Spanish-language media is covering Trump at saturation levels. I was struck by how many of the Latino protesters awaiting him at the airport actually think he either is, or will be, the Republican nominee. A lot of that’s driven by the news coverage they’re seeing. Both major Spanish-language channels led their evening newscasts with Trump’s visit to the border. Univision gave six minutes of coverage to Trump, and Telemundo devoted 9 minutes. No other presidential candidate was even mentioned, according to Ed O’Keefe. Univision later had a story about a Guatemalan immigrant beat up Sunday in Brooklyn by two white guys who haven’t been caught. The victim said in an interview he thinks his attackers were inspired by Trump. Univision’s Pedro Rojas, the network’s correspondent who was with Trump, did a Q&A with PowerPost after he was off deadline last night about how the Spanish-language press covers the real-estate mogul.

Telemundo built this ominous graphic for Trump’s border tour–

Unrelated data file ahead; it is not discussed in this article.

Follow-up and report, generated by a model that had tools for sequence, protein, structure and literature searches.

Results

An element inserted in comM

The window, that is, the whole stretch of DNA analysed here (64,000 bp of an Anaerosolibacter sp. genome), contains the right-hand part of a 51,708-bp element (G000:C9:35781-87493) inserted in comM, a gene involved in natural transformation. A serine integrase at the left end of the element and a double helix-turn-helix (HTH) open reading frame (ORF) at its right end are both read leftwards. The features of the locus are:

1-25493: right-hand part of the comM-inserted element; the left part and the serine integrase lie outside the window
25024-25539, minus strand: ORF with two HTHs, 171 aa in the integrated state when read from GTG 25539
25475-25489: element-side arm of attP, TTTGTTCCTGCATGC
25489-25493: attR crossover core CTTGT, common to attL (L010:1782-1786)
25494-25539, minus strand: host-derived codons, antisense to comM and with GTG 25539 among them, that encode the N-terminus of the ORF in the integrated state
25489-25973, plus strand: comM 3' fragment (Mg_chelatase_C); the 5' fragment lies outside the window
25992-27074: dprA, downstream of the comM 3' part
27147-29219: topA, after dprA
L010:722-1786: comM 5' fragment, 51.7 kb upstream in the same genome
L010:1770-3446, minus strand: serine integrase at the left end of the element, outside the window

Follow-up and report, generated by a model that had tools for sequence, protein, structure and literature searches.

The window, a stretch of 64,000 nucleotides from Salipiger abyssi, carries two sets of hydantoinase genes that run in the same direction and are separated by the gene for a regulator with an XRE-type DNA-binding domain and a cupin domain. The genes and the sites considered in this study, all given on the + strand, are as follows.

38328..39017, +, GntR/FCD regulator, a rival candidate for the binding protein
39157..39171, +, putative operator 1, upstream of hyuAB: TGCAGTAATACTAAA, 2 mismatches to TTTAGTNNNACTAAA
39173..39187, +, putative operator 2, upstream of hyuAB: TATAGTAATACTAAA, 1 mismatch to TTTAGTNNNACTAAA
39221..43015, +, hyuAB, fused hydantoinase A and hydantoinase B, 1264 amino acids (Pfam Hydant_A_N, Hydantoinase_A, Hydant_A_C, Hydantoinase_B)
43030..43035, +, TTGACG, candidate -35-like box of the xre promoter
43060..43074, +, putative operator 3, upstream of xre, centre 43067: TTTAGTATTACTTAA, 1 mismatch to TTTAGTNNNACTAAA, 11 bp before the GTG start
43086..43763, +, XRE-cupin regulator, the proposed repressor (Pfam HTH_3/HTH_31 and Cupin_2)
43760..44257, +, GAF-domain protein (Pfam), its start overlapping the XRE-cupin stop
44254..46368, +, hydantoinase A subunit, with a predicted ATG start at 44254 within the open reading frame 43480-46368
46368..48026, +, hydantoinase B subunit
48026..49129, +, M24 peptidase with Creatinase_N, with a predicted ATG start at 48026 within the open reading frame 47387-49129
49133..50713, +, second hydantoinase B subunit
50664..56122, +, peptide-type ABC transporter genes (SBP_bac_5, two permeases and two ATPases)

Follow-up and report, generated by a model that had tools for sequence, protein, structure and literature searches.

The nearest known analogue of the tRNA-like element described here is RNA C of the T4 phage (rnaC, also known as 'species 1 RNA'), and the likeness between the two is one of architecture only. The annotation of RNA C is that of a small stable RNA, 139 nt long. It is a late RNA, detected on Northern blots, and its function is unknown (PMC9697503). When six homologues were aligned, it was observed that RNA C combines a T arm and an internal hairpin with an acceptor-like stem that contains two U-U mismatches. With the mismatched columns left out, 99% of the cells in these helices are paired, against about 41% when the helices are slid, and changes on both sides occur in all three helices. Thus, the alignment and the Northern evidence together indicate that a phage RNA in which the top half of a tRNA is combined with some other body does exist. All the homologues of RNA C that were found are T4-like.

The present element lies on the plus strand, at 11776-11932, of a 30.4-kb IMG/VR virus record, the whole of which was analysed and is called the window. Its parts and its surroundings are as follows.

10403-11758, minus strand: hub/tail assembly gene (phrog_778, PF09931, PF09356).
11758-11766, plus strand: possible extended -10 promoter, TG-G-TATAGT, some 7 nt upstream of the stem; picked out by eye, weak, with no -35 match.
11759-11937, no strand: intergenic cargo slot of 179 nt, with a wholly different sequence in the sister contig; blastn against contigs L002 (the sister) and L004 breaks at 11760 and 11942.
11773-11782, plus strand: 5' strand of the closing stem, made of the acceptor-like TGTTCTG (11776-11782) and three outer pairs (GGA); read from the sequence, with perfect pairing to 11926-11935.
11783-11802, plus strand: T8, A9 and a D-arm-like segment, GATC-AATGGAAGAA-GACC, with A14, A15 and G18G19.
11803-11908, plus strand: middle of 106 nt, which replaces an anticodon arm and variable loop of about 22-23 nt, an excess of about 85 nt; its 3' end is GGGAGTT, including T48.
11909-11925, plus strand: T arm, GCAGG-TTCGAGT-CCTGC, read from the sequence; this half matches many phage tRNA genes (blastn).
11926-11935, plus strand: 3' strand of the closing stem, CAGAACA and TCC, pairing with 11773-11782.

— MoveOn staffing up to support Iran deal: Trying to counter the huge money being spent to kill the Iran deal, is working to shore up Democratic support during the August recess. The group is poised to hire five full-time organizers to mobilize activists to show support for the deal, during town hall meetings and in other high-visibility ways, including their own 8 million members. The primary focus will be pressuring on-the-fence Democrats to get behind President Obama. MoveOn got its start opposing the Iraq war in 2003, and leaders see this deal as a way to stop another future war in the Middle East. In an interview with Dave Weigel and I, MoveOn executive director Anna Galland called it “a historic achievement on the order of President Nixon opening up relations with China.” In that vein, Obama himself spent 90 minutes pitching his Iran deal to a dozen House Democrats in the Situation Room yesterday. A big part of his case was that if they don’t come out in support now, they’re going to get heavily pressured by AIPAC and others trying to kill the deal when they go back home.